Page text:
Health Insurance Portability and Accountability Act

HIPAA was enacted by Congress to ensure health care coverage and privacy for patients.
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Congress enacted the Health Insurance Portability and Accountability Act, or HIPAA, in 1996 to help ensure both health coverage and privacy for patients. The need for privacy was realized when more and more health information was being recorded and exchanged electronically. Before HIPAA, there were very few laws in place to help retain a patient's privacy when their medical records were recorded on a computer rather than in the once-standard paper chart.

HIPAA is divided into two main titles:


  • Title I works with group and individual health insurance plans to ensure availability to you.
  • Title II lists health care system rules and penalties but is most well known for its "Administrative Simplification" rules.

These rules are drafted by the Department of Health and Human Services and are used to help make the exchange of your electronic health information safe and efficient throughout the nation's health care system.

In this article, we'll find out more about each of these titles. First, we'll start with Title I.


HIPAA's Title I

HIPAA sets the guidelines for
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As mentioned in the previous section, HIPAA's Title I primarily involves group health insurance plans and their access to you. First, HIPAA ensures that a group health plan can't deny coverage or establish the amount of your monthly premium based on your health status, which includes your medical history, genetic information or any disability you may have. This means, for example, that you'll be offered the same coverage that your older, diabetic co-worker is offered, both at the same premium amount.

Secondly, Title I establishes rules on how a group plan handles a pre-existing condition. Before HIPAA, there were many people who were completely denied health insurance based on chronic medical conditions, regardless of how well the condition was controlled. Today, thanks to HIPAA, group health insurance plans must follow rules regarding what's considered a pre-existing condition and how long they can exclude coverage for these conditions.


Specifically, under the HIPAA guidelines, the maximum amount of time that you have to wait in order to get coverage for your pre-existing condition can't exceed 12 months, or 18 months for late enrollees (someone who doesn't enroll during general open enrollment). However, most of us who go from one job's group insurance plan to another without a break won't have to endure an exclusion period at all. In these cases, HIPAA uses what's known as "credible coverage" in order to reduce, or eliminate, this pre-existing condition exclusion period. "Credible coverage refers to any health care insurance you had before your new insurance plan as long as it wasn't interrupted by a period of 63 or more days. This time period can be longer depending on your state laws and the type of insurance plan you were on.

Once you've proven that you've had uninterrupted insurance, that insurance coverage can be added up and credited toward any pre-existing condition exclusion you may have. In fact, if you had at least one year of group health insurance at one job and then received health insurance at a new job without a break of more than 63 days, the new health insurance plan can't impose a pre-existing condition exclusion on you at all. But if the break in coverage was greater than 63 days, no health insurance coverage before the break is counted toward your pre-existing condition exclusion period.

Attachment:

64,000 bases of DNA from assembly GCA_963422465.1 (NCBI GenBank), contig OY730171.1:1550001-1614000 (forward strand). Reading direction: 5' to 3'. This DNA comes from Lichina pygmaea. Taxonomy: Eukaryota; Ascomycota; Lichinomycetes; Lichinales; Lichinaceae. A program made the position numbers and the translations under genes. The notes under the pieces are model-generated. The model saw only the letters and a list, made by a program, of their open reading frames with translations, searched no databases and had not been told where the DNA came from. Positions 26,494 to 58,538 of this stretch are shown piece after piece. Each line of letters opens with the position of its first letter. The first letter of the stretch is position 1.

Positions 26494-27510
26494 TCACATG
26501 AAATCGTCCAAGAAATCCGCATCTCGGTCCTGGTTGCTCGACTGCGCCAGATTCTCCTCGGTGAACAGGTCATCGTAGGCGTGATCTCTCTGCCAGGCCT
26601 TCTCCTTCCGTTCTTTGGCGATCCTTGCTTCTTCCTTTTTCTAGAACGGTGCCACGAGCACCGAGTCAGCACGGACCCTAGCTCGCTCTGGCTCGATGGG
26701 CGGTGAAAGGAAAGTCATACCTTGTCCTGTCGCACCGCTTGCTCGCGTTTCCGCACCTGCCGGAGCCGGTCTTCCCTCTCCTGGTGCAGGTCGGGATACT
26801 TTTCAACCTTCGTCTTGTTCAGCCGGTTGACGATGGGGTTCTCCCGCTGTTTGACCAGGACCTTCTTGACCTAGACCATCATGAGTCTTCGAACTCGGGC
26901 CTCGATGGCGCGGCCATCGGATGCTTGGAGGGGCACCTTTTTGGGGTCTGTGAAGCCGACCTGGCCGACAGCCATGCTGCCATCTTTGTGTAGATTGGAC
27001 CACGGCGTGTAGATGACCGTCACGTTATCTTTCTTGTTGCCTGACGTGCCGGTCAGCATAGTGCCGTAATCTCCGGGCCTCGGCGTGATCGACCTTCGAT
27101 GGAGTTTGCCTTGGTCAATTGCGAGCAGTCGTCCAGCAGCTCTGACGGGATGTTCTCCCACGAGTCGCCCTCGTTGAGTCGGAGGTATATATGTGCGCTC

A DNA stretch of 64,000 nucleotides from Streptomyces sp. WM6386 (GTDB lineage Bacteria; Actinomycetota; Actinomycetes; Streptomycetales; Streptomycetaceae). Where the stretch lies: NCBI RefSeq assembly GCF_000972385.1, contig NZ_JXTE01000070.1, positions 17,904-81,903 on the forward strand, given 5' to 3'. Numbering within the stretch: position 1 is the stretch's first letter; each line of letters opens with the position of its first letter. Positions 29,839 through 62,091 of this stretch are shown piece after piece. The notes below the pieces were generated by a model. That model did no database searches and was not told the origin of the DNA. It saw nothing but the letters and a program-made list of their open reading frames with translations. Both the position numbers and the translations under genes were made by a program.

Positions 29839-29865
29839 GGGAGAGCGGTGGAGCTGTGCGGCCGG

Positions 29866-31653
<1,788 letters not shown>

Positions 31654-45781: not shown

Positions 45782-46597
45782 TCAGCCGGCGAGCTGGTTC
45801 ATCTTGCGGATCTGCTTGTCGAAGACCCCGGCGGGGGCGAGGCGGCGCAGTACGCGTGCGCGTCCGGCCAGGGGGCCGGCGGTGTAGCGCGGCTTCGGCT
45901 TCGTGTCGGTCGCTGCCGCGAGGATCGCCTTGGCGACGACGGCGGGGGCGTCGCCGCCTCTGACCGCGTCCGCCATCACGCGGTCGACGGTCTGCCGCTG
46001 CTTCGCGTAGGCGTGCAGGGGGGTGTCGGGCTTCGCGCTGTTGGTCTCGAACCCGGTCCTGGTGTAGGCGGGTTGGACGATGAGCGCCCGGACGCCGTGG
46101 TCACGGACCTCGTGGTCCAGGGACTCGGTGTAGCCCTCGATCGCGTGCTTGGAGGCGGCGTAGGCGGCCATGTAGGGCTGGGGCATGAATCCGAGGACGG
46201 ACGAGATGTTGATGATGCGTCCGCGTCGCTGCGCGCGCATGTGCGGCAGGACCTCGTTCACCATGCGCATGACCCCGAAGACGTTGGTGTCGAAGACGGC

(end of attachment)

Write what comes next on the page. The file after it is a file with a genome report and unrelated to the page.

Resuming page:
In addition to governing group insurance plans, HIPAA does have some power over individual insurance plans. In cases where someone moves from a group plan to an individual plan, an "eligible individual" can't be denied health coverage or given a pre-existing condition exclusion [source: AARP]. However, these individual plans can hike up your monthly premium based on your health status, and oftentimes, the offered plans have higher monthly premiums and fewer benefits than those offered in a group plan. To qualify as an eligible individual you must have been covered by a group health plan for a minimum of 18 months without a 63-day break in coverage. In addition, the loss of your group coverage couldn't be because you failed to pay your premiums or you committed insurance fraud. Finally, you may be considered eligible if you can't get any other type of insurance like COBRA, Medicaid or Medicare.

Now that HIPAA has helped ensure you get health care, it can also make sure that your care is kept private. We'll find out more about Title II of HIPAA in our next section.


HIPAA's Title II

HIPAA protects people from electronic transactions made in regards to their health insurance. These transactions can include enrolling in your plan, filing a claim or checking on the status of a claim.
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As most of us living in this high-tech world have noticed, paper isn't used very much anymore. And technology has certainly invaded health care. In many health care settings, providers open a computer file instead of a file cabinet when getting a patient's medical record. While these electronic filing systems are generally deemed efficient, they may also prove dangerous to your privacy. Because technology was outgrowing our paper-based privacy laws, HIPAA was to ensure the patient's privacy while allowing electronic access to his or her information. HIPAA also makes sure that the efficiency of the electronic information system improves each year. Both of these goals are accomplished in HIPAA's Title II "Administrative Simplification" rules, which are issued by the Department of Health and Human Services: the Standards for Electronic Transactions, the Unique Identifiers Standards, the Security Rule, the Privacy Rule and the Enforcement Rule.